by MICHAEL CARUSO
The 2012 season of free outdoor concerts in Pastorius Park ended last Wednesday, Aug. 1, with a disappointing cancellation. Two weeks before that, Runa’s concert was moved to an auditorium at Springside Chestnut Hill Academy. This time around, the decision not to perform outdoors due to inclement weather was made too late to move the Dukes of Destiny’s performance indoors to the rain location.
I was one of several dozens of music lovers who showed up at Pastorius Park Wednesday evening to find the stage empty, even though the Chestnut Hill Community Association’s telephone hotline continued to maintain that the concert would take place as scheduled in the park.
Like several dozen others, including a gentleman who had driven from New Jersey, I decided to drive over to Springside on the chance that the concert had, indeed, been moved indoors. Once there, I was informed by a helpful security guard that no concert was taking place at Springside that evening and that the building was closed. Calling the hotline once again, I then heard the message that the concert had been cancelled.
In an e-mail sent to me Aug. 2, Julie Byrne (co-chair with Neil Scheinin of the 2012 Pastorius Park concert series) wrote, “A decision on the concert location has to be taken during the afternoon on concert day to allow time for concert set up. The decision on park versus rain location is made based on the available information at that time.
“In the event we move the concert to the rain location, we communicate the decision to all involved in the concert AND our concert-goers. Our notification process includes updating the outgoing phone message at the CHCA office, updating the CHCA website and also sending an e-mail to CHCA members to notify them the venue has been changed. Fortunately, this is relatively rare.
“Yesterday afternoon, the forecast indicated the bad weather would pass by the time of the concert set-up and the concert itself, therefore we remained in the park. Unfortunately the situation changed late on and there was some heavy rain during set-up. Neil and myself were both extremely disappointed, however for the safety of the musicians and all concerned we had no choice but to cancel the performance. Given that this occurred during set-up it was unfortunately too late to move the concert to our rain location. Our apologies to all for the disappointment.”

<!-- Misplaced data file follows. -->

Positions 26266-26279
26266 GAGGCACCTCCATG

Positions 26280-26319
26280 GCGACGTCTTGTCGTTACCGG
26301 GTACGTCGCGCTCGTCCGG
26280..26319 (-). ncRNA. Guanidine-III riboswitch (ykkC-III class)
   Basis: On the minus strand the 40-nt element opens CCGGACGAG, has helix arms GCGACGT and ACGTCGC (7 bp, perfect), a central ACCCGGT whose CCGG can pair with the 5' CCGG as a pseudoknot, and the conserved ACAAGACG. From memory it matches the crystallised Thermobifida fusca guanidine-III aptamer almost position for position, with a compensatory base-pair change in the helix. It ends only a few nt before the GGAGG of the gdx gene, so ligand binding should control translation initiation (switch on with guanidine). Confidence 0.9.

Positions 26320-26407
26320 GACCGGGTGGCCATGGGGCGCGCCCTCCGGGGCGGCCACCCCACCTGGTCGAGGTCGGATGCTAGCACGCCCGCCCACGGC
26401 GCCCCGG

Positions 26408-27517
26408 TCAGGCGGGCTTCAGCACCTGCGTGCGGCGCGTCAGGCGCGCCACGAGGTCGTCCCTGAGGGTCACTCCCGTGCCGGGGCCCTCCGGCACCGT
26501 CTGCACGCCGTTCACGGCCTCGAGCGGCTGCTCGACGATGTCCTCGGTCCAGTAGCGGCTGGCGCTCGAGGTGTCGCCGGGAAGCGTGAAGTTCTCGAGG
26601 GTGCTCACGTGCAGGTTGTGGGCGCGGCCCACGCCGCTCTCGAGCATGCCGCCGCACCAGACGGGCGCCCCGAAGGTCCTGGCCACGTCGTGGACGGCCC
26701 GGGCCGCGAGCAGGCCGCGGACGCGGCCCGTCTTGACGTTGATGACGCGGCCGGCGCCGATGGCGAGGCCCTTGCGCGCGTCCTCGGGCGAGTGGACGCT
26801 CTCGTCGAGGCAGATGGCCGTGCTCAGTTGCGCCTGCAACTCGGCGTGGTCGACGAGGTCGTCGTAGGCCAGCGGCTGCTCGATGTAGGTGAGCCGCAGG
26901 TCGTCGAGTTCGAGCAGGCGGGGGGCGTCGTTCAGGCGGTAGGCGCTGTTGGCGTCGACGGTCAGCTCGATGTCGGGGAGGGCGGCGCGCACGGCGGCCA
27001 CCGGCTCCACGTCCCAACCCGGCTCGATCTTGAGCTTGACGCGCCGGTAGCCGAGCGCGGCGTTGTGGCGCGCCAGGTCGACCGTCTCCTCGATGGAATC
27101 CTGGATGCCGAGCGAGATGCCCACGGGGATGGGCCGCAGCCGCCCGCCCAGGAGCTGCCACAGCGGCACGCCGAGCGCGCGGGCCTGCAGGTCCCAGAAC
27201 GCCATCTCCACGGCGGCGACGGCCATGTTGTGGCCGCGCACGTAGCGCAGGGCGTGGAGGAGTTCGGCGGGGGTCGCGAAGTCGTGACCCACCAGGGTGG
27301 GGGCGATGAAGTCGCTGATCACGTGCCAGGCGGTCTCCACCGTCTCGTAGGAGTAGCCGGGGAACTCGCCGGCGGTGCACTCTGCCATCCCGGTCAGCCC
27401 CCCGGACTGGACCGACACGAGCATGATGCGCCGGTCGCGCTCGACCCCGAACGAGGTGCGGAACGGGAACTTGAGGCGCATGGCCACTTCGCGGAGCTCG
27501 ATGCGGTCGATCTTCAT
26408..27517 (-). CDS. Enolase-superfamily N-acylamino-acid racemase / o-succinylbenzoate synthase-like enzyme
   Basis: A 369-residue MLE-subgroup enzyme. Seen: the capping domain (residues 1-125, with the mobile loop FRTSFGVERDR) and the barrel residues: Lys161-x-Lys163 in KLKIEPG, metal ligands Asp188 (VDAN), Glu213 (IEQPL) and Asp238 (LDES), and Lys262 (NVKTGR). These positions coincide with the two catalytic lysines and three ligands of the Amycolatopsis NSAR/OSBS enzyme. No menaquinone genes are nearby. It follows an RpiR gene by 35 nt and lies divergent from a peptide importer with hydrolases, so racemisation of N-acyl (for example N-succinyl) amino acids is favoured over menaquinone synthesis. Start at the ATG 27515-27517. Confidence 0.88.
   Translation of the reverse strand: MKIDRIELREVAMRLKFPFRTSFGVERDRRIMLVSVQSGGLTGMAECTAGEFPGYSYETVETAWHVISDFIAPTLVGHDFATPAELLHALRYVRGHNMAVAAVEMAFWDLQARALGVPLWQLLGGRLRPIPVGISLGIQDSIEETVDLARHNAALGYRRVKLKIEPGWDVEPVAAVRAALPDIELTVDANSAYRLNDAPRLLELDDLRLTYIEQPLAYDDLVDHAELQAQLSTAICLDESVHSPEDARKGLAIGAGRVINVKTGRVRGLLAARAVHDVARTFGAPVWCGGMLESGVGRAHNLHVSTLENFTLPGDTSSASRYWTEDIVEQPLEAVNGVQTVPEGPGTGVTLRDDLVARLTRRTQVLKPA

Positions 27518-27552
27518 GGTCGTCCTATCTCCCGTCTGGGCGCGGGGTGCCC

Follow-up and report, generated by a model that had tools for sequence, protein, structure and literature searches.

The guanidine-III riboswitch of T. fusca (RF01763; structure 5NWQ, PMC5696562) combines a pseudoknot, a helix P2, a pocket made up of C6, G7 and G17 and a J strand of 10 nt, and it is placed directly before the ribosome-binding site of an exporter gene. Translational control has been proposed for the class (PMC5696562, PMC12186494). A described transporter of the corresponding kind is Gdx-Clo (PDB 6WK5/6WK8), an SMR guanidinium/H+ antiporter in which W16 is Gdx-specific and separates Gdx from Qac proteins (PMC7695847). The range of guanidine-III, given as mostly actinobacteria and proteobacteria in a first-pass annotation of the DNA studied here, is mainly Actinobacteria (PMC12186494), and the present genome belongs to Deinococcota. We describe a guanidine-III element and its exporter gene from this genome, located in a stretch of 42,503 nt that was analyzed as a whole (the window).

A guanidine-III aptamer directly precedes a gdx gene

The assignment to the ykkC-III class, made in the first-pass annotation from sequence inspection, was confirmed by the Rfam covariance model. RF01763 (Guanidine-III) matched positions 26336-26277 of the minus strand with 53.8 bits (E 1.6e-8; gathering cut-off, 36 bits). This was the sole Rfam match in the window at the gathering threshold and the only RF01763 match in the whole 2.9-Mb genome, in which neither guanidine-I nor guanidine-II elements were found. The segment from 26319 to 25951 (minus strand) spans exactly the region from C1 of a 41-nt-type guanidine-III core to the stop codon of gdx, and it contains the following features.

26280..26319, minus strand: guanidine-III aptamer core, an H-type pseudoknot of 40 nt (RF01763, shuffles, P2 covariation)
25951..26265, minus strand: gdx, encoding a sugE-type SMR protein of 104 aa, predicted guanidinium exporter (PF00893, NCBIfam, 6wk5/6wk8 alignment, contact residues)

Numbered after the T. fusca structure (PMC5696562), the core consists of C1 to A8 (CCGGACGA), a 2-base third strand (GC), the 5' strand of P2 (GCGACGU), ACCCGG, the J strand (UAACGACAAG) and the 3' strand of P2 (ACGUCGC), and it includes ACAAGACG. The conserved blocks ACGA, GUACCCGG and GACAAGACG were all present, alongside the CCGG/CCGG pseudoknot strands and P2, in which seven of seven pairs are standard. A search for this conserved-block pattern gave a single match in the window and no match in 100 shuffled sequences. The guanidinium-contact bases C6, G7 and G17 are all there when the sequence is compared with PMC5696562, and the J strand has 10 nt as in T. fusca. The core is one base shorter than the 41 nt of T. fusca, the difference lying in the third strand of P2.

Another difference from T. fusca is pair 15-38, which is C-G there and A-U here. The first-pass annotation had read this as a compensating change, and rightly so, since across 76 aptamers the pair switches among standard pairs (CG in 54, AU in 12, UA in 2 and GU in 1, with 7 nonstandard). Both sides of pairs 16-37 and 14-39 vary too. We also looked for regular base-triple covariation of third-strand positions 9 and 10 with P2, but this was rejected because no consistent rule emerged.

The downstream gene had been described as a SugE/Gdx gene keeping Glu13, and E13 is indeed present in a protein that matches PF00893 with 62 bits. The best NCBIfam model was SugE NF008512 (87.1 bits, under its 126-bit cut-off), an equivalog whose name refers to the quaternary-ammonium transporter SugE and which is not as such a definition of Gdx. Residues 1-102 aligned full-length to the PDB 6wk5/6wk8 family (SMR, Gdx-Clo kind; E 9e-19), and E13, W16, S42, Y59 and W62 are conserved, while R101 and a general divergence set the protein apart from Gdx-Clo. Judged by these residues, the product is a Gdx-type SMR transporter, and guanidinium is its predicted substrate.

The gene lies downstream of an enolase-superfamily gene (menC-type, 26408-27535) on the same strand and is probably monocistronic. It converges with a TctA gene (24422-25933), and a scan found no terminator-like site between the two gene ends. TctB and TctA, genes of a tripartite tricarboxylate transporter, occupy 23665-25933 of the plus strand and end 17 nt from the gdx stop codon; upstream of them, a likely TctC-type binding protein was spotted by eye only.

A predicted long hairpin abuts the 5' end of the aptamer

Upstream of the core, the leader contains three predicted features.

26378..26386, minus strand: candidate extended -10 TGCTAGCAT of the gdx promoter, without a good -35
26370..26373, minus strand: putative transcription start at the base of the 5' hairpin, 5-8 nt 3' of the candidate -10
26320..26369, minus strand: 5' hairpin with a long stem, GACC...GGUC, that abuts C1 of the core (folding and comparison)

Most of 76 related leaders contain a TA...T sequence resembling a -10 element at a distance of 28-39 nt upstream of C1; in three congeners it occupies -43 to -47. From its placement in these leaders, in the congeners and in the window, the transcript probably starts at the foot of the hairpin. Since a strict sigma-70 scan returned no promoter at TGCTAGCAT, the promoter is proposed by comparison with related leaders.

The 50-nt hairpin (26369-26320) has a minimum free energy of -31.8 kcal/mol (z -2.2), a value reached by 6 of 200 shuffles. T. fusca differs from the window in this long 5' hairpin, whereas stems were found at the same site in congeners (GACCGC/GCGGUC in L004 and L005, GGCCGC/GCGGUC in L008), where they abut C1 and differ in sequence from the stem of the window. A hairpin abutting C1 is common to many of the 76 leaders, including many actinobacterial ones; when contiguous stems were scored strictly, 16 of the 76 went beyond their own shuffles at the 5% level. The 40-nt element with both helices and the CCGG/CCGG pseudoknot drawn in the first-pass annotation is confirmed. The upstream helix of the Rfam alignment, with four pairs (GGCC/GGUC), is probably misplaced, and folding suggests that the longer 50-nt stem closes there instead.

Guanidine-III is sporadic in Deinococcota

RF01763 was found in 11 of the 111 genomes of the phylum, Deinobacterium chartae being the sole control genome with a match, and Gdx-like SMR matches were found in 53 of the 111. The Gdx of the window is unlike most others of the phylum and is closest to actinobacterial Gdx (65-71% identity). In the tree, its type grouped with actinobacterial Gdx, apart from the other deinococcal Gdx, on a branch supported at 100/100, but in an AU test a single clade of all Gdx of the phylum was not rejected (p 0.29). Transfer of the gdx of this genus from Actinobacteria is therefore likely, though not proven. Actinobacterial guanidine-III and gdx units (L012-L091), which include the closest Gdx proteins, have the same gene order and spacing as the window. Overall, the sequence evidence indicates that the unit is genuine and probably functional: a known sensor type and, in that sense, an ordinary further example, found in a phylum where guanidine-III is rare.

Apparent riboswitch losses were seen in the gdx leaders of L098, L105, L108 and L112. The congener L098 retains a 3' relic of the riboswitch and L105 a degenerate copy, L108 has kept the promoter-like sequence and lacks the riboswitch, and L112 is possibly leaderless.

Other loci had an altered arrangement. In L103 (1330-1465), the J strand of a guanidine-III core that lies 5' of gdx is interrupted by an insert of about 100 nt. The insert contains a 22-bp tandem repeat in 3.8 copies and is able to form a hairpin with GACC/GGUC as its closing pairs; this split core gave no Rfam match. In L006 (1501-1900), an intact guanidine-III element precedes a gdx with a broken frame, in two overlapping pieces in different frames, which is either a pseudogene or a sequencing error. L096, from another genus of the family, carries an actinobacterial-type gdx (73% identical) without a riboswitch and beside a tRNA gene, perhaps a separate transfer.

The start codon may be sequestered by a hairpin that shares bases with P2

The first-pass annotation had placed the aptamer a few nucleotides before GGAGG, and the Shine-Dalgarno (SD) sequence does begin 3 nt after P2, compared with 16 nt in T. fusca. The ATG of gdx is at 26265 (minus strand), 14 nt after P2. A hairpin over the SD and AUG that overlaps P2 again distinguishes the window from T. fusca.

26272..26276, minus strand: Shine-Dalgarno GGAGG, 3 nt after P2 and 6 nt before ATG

The Delaware Valley Opera Company opened its production of Giuseppe Verdi’s “Rigoletto” Saturday evening in the Salvation Army’s Kroc Center in East Falls. Continuing Aug. 8 and 11 at 8 p.m., the mounting serves as a reminder of just how difficult masterpieces are to perform.
That “Rigoletto” is a true masterpiece goes without question. Just as Verdi stands head-and-shoulders above all other Italian opera composers and is the only legitimate rival of Richard Wagner in all of opera, “Rigoletto” stands head-and-shoulder above almost all of Verdi’s other works.
Its story is compelling. The title character is a hunchbacked jester in the court of the Duke of Mantua, a handsome, virile young aristocrat whose principal hobby is seducing any woman who catches his eye. Rigoletto has dealt with his deformity by cruelly inflicting verbal pain on the Duke’s couriers, even those whose daughters and wives he has ravished.
Francesco Maria Piave’s libretto may not be a model of delicacy, any more than Victor Hugo’s original play was, but it served as inspiration for some of Verdi’s most highly charged and colored music. And then there are those notes to be sung. The opera boasts some of the most beautiful, dramatic, emotional and daunting vocalism Verdi ever composed.
So how did DVOC do Saturday night? Not that well. Music director and piano accompanist Elise Auerbach played well, but no piano can replicate the sound Verdi intended for “Rigoletto.” Richard Shapp’s stage direction was serviceable, but there was never that sense of foreboding menace that must permeate every moment onstage. The stage was filled with convincing props, but they seemed hard to maneuver between scenes. Of the cast, only soprano Suzanne Gerace performed well. She sang expressively and acted simply yet effectively as Gilda, literally doomed to love a man too fickle to love anyone more than his own pleasure.
It’s all well and good to aspire to present a major work from opera’s standard repertoire such as “Rigoletto,” but if discretion is indeed the better part of valor, then lighter fare might have been a better choice.
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